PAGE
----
Wrap-Up: October 2016

Monthly Reads


So I haven’t had a productive month. Blame that on school. But I’ve read quite a few great books. I’m just two away from my Reading Challenge, but I expect to surpass it soon enough. 😊

 

october-wrap-up

Rex by Cody B. Stewart, Mark Rogers, and Adam Rocke

It transports me back to the 90s, and I can’t help but adore this book more. You get a mix of E.T. and a children’s version of Jurassic Park. It’ll delight the young, the youth, and the young at heart! So get your nerd on, grab your copy today, support indie publishers, and stroll down memory lane. You can’t get much better than a dinosaur book.

I hope the authors make a sequel for this little book. If not, we may get more of Rex, TJ, and Sam if it gets picked up for a movie! Here are more details.

⭐️⭐️⭐️⭐️

Goodreads | Indigo | Amazon CAN | Amazon US  | Publisher’s Website

 

Omari and the People by Stephen Whitfield, narrated by Curt Simmons

Jess @ Audiobookworm introduced me to Stephen’s work. It’s one of the books that you didn’t think you’d pick up, but now you’re happy you have. It’s my first audiobook. Curt’s narration makes Stephen’s book mesmerizing. And the author’s storytelling keeps you intrigued from the first sentence to the last.

I definitely recommend you to listen to the audio!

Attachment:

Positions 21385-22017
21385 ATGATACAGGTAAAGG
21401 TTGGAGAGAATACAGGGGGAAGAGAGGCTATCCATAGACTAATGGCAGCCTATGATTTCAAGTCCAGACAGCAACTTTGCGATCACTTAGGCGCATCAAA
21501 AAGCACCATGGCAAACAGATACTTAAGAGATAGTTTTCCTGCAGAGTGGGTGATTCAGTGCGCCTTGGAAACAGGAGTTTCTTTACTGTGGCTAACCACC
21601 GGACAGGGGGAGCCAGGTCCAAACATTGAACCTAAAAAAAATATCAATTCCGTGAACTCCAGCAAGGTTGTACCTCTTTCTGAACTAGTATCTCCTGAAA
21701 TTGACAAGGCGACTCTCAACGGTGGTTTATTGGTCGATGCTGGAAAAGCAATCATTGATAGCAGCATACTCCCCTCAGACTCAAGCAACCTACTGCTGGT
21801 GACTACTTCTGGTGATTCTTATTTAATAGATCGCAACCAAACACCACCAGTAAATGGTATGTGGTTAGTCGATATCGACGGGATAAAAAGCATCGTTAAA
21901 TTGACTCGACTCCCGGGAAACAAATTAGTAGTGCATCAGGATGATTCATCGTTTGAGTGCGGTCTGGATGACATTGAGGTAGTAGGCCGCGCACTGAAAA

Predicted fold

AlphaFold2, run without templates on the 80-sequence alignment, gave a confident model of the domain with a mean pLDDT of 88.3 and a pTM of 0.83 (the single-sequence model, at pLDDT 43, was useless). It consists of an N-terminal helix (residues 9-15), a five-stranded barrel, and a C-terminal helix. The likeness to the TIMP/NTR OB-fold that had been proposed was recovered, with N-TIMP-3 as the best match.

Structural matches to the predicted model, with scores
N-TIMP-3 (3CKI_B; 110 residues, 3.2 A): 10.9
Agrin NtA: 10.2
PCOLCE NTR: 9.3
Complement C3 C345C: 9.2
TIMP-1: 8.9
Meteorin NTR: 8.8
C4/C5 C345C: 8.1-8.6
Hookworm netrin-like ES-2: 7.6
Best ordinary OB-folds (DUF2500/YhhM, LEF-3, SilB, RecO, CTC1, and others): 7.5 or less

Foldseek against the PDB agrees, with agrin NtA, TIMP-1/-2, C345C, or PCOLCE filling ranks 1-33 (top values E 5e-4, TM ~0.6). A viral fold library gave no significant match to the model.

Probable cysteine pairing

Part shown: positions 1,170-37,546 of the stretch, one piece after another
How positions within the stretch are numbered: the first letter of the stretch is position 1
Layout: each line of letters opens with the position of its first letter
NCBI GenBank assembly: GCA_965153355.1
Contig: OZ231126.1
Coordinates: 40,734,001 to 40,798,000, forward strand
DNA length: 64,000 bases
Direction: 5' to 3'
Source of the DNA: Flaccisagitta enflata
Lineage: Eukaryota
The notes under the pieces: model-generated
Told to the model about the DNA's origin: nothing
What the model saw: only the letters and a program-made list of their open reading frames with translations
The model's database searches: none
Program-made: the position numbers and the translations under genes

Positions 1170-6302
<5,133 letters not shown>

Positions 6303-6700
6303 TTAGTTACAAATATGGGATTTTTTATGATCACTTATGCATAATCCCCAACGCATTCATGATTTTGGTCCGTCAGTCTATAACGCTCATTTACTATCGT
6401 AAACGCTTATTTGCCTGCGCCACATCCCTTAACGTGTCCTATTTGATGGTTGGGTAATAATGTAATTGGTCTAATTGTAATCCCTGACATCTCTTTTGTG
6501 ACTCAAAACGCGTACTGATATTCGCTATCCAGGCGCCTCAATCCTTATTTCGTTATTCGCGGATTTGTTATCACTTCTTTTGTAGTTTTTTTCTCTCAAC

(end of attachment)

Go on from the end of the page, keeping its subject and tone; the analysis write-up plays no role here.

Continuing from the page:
⭐️⭐️⭐️⭐️

Goodreads | Amazon US | Audible

 

Six of Crows by Leigh Bardugo

I haven’t finished this book yet. But I can safely say it’ll be one of favourites of the year! I still question myself why I hadn’t picked it up sooner. It’s been sitting on my shelf since May.

I’m irrationally in love with every character, and I’d beg Leigh to write more stories about them, but alas, I get only two books. Thankfully I’ve ordered the sequel. So you might see a squeal-filled post or a Tweet about me getting it. 😂

But I can’t recommend this series and book enough! BUY IT.

Goodreads | Indigo | Amazon CAN | Amazon US | Book Depository

 

Book Haul


October’s Book Haul

 

Posts


Reviews and Blog Tours

Rex Blog Tour Review

Rex Blog Tour Author Spotlight and Q&A

Omari and the People Blog Tour Audio Review

A Torch against the Night Joint Review